If you’re asking a member of a team to “unpack” something, then maybe it’s because something isn’t clear to you. You should explain why it isn’t clear such that you can have more efficient communications in the future. If you are speaking to a subordinate, you owe them an explanation of what you need to understand and why it wasn’t clear. If speaking to a superior, then you have an obligation to understand the reasoning such that you can pass it along to your subordinates.
The Conditional Command (or Suggestion)
“I Would… ” [enter something you want someone else to take action on here]
We have gotten so passive, that we now often start indications of activities with a conditional. “I would not say that”, “I would try to increase the availability of that solution”, “I would say we need at least 3 engineers on that project”.
Perhaps the conditional “would”, left without its triggering conditions is meant to “suggest” something gently to a third person. We don’t have time to mess around with platitudes. If you are a leader, and you need something done, tell someone to do it or ask them to do it directly! If you are giving advice, drop the conditional and say “I think you should…” or “Why don’t you…”.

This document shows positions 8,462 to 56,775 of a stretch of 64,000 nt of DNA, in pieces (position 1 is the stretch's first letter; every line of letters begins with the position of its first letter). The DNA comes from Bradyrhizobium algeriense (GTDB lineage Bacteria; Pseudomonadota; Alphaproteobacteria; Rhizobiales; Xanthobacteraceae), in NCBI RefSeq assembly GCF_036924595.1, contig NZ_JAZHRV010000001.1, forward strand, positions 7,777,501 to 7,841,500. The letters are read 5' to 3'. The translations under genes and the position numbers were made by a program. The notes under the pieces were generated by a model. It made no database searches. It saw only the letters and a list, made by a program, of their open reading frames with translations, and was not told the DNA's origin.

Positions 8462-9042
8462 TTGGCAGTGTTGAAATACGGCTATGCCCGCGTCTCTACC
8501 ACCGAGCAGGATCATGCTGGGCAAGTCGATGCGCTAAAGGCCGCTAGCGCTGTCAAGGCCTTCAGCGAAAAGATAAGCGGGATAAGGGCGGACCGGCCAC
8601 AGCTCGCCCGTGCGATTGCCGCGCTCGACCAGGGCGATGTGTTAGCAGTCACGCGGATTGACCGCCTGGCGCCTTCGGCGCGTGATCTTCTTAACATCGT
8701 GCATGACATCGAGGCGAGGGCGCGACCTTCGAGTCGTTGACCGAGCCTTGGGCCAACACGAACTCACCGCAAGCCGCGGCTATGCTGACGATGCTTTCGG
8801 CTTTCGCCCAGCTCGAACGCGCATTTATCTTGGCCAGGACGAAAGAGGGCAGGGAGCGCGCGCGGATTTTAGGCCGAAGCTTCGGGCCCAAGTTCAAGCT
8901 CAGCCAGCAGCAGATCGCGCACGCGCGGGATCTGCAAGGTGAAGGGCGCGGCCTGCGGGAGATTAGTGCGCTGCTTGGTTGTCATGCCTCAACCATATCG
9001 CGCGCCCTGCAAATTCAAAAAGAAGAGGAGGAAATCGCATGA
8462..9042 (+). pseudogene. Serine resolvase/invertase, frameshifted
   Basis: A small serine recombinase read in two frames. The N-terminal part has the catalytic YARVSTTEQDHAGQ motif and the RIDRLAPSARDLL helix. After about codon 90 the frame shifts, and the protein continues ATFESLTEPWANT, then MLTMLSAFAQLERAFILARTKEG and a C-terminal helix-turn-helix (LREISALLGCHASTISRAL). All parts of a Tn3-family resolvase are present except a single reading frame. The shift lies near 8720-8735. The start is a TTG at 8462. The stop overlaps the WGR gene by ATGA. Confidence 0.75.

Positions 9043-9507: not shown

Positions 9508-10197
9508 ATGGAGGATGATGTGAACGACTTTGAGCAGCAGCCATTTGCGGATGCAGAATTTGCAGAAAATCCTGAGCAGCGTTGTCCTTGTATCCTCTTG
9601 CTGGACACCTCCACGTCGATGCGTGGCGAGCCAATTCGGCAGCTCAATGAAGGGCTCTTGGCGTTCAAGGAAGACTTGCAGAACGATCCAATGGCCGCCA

“To Your Point…”
When did we start wasting breath by indicating we are using someone else’s point? The person to whom you are referring already knows this – you don’t need to remind them. I’ve heard conversations in 30 minutes where over 10% of the statements started with the dreaded “TYP” (cue Michael Jackson’s PYT). There were so many TYPs being thrown around that I had to stop the conversation and ask that it stop being used.
When TYP is used infrequently to give credit to an excellent point in discussion it can be meaningful. But far too often, it is used to augment a prior point with which you do not agree or to use a prior point in a new way. In these cases, we should clearly explain that we aren’t in alignment with the prior point and want to modify it OR that we think the point should be used differently. The use of TYP in these cases clouds the issues and actions we should take or muddies the water of team alignment.